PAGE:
Opioid analgesics are used to relieve moderate to severe pain. They can be used in the acute setting and are also appropriate for the treatment of certain cases of persistent non-cancer pain. It is recommended that treatment is supervised by a pain specialist (physicians who have undergone additional training and gained additional expertise in pain management) and the patient is assessed at regular intervals.
Although side effects are similar across the opioid class, there are qualitative and quantitative differences in side effect profiles between opioid drugs. The most common side effects include nausea, vomiting, constipation and drowsiness.
For drug interactions, specialist literature, such as the prescribing information or Summary of Product Characteristics, should be consulted.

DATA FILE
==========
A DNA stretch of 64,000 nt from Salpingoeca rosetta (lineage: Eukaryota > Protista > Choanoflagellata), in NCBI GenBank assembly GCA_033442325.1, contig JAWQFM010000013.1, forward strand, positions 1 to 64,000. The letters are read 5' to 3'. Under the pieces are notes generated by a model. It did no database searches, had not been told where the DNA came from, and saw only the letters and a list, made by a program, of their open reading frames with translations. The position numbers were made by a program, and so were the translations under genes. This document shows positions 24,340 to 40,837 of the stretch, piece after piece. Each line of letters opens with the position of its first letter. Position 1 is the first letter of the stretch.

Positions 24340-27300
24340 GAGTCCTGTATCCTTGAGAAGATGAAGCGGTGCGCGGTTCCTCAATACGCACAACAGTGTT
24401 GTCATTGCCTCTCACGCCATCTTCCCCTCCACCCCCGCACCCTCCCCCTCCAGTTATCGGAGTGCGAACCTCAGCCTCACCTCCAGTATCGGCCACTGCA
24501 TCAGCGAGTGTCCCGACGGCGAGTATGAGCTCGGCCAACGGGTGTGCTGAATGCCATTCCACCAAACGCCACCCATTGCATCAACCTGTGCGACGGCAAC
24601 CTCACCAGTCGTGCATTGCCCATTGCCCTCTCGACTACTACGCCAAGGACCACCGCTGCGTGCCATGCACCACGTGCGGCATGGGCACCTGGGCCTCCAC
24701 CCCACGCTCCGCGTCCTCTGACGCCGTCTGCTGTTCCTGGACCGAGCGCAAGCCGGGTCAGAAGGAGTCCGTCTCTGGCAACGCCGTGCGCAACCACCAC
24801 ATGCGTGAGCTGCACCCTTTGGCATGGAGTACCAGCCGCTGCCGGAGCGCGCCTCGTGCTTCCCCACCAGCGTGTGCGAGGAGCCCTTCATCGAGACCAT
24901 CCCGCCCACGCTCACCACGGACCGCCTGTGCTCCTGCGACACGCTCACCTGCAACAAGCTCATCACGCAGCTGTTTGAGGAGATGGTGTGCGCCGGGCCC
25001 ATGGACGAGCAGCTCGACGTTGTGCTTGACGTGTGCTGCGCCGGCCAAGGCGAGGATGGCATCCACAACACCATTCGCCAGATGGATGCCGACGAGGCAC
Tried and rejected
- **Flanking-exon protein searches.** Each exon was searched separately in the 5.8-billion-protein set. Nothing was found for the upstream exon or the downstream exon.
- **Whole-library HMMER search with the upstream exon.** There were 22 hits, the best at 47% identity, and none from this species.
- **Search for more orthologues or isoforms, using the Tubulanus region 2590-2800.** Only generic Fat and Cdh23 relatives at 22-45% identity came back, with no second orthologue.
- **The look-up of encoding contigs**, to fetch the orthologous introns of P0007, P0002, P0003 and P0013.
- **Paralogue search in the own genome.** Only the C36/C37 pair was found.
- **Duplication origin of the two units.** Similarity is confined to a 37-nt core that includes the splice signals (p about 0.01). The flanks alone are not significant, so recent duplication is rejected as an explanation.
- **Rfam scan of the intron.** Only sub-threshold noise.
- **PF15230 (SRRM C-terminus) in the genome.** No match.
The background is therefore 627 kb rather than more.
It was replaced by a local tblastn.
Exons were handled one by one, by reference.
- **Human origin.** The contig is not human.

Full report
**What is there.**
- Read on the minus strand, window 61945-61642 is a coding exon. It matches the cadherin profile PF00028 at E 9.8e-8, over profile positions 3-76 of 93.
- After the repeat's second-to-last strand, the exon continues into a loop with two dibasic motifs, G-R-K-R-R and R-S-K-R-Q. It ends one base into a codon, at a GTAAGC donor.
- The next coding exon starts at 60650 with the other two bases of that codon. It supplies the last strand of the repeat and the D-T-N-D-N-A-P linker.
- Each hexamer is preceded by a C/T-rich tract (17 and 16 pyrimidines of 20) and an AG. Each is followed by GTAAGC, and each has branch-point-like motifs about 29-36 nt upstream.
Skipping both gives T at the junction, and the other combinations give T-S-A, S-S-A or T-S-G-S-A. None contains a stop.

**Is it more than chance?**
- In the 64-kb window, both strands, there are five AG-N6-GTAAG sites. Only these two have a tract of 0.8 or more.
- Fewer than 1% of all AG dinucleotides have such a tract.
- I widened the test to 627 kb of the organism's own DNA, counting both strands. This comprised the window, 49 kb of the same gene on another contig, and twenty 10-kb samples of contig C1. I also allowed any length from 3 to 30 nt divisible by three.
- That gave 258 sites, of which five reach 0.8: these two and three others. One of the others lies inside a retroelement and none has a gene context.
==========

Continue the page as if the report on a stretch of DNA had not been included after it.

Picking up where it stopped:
The dose of opioid should be titrated according to the individual's response, carefully weighing up the degree of analgesia required against the possible side effects. It should be remembered that patients' responses to opioids varies widely.
The opioid class includes:
These molecules come in a range of formulations and methods of administration. The choice of opioid will depend on a number of factors such as route of administration, duration of onset, patient pathology and any concomitant medication, physician preference and familiarity, patient preference, availability, accessibility, cost, previous analgesic/opioid history. It is paramount to treat the patient on an individualised basis and take into careful consideration patient preference and the impact that the medication regimen will have on patient lifestyle.